It's fair to say that the Beast of Beauty and the Beast fame was no Prince Charming, even back in his princely days. That's why it's precious to watch him being coached on social graces in the new TV promo of Beauty and the Beast, with Lumiere, Cogsworth and Mrs. Potts urging the monster to charm Belle. With one horrifically underwhelming smile, their confidence falters, and we get a sense that this live-action remake is going to show some serious shades of Nora Ephron.
We've seen in earlier featurettes that Belle and the Beast are bantering, promising something that the original animated film only delivered in broad strokes: romance and genuine chemistry. We may get to actually see Belle and Beast form a relationship rather than having to fast-forward it in a whimsical musical montage (although that's still a given, since "Something There" is guaranteed to be featured). And this short TV spot, structured in the vein of a rom-com with an exceptionally fuzzy love interest, definitely reinforces that.
Seriously, they've thrown in all the right pauses to punctuate their little moments together, as if to say, "Oh, look at these two crazy kids being playfully adorable!" It's not your grandma's Beauty and the Beast.
Another clue for that? We cut to Belle and the Beast chatting in the snow, all sheepish and borderline flirty. "I never thanked you for saving my life," Belle says. "I never thanked you for not letting me get eaten by wolves," The Beast replies. Aww, you guys.
Really, it's a little additive that could go a long way if done properly. I understand that the core reason of reviving Beauty and the Beast is to capitalize on the classic tale and nostalgia for the Disney Renaissance. Even the film's most fervent fan (AKA me) can cop to that. Secondarily, it's a fine opportunity to flex some technological muscles. Lord knows that the film looks even more splendid and detailed than the original.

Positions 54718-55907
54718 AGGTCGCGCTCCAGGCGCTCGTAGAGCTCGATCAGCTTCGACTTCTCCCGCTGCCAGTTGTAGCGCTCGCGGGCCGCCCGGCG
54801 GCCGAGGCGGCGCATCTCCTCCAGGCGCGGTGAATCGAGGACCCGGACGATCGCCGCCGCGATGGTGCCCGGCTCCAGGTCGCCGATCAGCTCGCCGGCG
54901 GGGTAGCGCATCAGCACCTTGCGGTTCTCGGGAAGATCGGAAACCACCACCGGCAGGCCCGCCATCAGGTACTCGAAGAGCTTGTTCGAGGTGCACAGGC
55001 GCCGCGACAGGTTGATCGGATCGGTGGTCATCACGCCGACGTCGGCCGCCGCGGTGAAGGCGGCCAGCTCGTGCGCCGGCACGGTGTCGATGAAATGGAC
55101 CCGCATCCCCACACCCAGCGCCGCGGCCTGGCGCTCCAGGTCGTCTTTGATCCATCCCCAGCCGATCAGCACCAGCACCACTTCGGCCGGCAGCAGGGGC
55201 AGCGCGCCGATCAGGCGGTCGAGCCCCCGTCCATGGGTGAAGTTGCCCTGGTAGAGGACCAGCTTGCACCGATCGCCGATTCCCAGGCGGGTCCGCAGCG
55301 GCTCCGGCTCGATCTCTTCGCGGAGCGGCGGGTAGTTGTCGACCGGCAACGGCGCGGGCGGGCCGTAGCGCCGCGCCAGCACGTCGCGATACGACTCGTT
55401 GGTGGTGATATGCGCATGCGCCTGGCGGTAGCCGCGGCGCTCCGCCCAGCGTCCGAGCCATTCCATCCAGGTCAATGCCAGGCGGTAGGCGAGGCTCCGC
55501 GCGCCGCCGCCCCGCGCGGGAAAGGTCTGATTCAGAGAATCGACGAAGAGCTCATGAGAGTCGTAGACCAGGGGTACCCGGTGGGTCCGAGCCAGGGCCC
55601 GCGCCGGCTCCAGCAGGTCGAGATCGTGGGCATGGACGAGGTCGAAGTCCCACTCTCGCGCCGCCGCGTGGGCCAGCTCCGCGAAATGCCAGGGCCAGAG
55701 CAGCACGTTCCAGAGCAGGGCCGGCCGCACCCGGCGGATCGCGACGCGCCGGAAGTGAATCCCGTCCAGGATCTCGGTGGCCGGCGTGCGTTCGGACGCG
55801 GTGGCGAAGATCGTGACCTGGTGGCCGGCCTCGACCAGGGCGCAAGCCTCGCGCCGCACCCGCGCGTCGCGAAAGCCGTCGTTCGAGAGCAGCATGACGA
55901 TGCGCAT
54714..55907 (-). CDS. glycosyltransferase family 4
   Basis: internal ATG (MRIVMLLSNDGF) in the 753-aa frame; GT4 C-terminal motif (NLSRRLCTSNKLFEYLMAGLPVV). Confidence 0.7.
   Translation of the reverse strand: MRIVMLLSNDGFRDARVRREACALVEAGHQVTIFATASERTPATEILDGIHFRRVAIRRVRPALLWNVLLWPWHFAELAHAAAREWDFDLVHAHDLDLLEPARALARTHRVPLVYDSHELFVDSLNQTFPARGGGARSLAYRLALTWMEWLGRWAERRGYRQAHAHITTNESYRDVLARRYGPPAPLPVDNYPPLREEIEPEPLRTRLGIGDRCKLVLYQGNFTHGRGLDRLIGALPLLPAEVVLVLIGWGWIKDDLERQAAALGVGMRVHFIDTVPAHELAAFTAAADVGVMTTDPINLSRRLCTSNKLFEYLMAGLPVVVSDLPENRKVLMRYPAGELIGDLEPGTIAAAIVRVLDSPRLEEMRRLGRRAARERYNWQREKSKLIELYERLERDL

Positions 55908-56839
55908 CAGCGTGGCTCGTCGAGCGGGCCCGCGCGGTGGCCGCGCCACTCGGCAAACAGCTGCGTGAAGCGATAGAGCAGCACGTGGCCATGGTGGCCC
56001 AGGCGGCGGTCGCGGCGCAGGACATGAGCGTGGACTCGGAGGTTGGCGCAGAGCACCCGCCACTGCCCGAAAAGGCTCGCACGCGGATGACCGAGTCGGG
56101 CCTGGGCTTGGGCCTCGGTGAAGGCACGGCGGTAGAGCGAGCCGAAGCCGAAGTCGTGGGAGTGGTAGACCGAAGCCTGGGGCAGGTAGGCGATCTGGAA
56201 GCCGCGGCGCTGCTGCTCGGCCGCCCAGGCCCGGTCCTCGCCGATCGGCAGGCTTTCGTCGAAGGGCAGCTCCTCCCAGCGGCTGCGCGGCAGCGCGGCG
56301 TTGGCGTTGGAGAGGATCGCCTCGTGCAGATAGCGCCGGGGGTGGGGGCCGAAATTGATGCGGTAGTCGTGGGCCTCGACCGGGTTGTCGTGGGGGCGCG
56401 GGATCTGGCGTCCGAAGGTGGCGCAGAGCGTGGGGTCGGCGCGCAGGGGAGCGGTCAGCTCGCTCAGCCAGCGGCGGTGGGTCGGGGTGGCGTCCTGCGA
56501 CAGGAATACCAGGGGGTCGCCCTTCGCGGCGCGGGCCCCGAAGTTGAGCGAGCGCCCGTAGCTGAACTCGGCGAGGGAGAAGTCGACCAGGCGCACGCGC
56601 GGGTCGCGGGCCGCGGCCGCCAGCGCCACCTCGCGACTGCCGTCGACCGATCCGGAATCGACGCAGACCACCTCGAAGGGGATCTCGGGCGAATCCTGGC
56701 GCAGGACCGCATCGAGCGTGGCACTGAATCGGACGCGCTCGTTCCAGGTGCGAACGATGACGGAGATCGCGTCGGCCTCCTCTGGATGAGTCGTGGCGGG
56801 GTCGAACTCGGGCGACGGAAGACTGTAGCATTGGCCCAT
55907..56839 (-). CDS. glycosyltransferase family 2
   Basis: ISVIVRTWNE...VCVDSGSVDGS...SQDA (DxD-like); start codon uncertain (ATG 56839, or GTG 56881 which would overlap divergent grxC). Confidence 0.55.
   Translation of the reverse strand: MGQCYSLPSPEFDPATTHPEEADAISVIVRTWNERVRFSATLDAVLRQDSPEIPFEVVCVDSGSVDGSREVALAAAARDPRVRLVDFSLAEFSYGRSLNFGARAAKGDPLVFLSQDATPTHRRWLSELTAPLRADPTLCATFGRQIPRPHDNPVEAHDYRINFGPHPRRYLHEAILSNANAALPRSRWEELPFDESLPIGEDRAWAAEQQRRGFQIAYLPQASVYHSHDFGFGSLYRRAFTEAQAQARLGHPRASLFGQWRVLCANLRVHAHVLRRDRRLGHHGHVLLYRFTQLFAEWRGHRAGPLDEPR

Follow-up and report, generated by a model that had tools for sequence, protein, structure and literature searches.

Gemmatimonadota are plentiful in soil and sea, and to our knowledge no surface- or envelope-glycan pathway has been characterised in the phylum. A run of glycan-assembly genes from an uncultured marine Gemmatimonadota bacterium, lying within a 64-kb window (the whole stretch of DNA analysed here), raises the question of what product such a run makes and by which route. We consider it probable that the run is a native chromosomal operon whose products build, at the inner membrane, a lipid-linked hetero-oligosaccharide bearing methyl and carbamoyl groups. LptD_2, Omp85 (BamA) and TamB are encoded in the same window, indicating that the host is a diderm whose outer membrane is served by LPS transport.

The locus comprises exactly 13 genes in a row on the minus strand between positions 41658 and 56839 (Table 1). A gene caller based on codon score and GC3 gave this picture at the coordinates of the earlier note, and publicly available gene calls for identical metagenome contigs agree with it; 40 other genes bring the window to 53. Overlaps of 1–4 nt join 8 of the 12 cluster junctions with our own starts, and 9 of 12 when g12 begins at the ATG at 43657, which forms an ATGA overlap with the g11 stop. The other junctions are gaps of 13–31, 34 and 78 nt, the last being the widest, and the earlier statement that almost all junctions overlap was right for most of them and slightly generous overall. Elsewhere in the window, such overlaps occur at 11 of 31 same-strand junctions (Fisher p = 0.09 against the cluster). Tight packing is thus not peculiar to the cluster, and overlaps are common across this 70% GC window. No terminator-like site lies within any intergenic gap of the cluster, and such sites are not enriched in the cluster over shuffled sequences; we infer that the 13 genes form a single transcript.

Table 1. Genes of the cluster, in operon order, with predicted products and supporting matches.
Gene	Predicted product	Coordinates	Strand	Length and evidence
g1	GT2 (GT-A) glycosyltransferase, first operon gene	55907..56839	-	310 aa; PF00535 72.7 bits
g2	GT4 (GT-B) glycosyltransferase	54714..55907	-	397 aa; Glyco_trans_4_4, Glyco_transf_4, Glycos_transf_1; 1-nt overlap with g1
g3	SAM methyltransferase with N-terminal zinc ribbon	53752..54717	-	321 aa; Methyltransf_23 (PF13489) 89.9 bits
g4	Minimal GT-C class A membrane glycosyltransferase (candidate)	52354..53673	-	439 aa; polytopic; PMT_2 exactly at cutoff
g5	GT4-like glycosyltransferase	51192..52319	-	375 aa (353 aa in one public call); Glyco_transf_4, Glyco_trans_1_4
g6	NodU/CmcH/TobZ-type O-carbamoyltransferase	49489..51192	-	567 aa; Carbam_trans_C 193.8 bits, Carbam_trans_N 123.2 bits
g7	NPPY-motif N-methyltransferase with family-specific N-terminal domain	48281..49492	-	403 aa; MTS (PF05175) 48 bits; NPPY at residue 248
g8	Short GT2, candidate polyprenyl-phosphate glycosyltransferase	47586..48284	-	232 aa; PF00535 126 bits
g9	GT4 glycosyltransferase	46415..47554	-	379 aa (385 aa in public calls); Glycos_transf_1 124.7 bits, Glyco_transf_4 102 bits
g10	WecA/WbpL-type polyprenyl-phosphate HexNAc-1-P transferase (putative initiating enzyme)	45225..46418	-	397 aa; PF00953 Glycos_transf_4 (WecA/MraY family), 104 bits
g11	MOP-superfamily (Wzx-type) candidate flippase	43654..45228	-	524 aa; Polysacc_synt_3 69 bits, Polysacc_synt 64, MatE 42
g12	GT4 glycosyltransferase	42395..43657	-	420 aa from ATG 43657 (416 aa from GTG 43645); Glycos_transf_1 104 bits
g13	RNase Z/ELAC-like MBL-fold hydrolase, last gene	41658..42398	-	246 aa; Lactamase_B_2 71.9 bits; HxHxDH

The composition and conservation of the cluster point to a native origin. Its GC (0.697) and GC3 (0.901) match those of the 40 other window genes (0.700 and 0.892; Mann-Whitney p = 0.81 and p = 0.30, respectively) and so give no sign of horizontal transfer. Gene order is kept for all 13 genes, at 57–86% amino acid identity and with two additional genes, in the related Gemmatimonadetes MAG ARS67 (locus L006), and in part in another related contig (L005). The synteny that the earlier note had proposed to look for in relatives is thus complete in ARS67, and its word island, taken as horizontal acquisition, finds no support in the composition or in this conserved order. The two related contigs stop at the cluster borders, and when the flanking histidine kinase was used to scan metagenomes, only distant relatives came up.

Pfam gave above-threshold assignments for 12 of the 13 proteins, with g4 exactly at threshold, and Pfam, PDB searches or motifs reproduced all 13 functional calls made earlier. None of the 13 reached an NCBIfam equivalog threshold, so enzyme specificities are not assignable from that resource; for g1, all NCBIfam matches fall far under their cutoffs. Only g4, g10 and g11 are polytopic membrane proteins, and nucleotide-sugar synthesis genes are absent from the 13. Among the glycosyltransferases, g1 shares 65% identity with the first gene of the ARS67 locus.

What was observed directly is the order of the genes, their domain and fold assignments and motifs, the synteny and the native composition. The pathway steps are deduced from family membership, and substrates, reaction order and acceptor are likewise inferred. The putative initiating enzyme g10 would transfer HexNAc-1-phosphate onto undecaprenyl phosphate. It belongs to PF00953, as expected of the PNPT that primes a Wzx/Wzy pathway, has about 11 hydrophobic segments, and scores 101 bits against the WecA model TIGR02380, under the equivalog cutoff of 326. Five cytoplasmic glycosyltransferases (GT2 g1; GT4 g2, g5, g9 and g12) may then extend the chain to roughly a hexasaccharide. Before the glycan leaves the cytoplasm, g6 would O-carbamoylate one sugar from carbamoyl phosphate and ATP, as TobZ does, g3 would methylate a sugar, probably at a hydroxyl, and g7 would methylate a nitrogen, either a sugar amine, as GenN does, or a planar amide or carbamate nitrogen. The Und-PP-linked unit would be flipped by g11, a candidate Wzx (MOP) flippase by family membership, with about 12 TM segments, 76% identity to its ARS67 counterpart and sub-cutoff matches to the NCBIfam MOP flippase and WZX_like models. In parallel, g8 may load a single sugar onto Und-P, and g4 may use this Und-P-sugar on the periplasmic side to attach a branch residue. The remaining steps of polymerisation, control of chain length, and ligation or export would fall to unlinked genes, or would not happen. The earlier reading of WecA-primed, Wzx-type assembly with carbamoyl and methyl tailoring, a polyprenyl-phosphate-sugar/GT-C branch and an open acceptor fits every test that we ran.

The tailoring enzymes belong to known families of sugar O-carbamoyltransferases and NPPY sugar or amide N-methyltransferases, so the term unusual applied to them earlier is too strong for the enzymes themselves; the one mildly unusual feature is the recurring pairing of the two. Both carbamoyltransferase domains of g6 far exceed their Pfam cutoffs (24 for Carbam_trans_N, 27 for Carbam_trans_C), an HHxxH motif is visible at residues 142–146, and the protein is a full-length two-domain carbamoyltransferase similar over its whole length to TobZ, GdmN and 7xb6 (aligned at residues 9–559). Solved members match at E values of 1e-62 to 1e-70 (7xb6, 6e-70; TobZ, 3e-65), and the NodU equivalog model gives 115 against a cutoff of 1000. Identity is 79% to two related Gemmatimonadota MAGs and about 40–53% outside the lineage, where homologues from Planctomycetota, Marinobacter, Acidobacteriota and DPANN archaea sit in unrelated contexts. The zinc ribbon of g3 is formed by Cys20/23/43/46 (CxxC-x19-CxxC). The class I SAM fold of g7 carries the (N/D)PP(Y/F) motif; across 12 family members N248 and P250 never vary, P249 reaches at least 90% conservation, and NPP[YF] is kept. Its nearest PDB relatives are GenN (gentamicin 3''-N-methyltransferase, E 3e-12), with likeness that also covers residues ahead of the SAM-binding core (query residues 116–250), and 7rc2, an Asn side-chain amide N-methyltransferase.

But if you only rely on nostalgia and the magic of CGI without substantiating Belle and the Beast's connection even a little bit, you're going to lose some of the adult audience. I mean, no doubt this will be a big box office draw, and we can't stray too far from the source material. But letting the relationship lie as is will show in an era that has produced so many darker and more realistic live-action takes on these fairy tale features. The film doesn't have to go dark, and it doesn't look like that's the approach, so embellishing the romance is a solid move.
Beauty and the Beast hits theaters on March 17.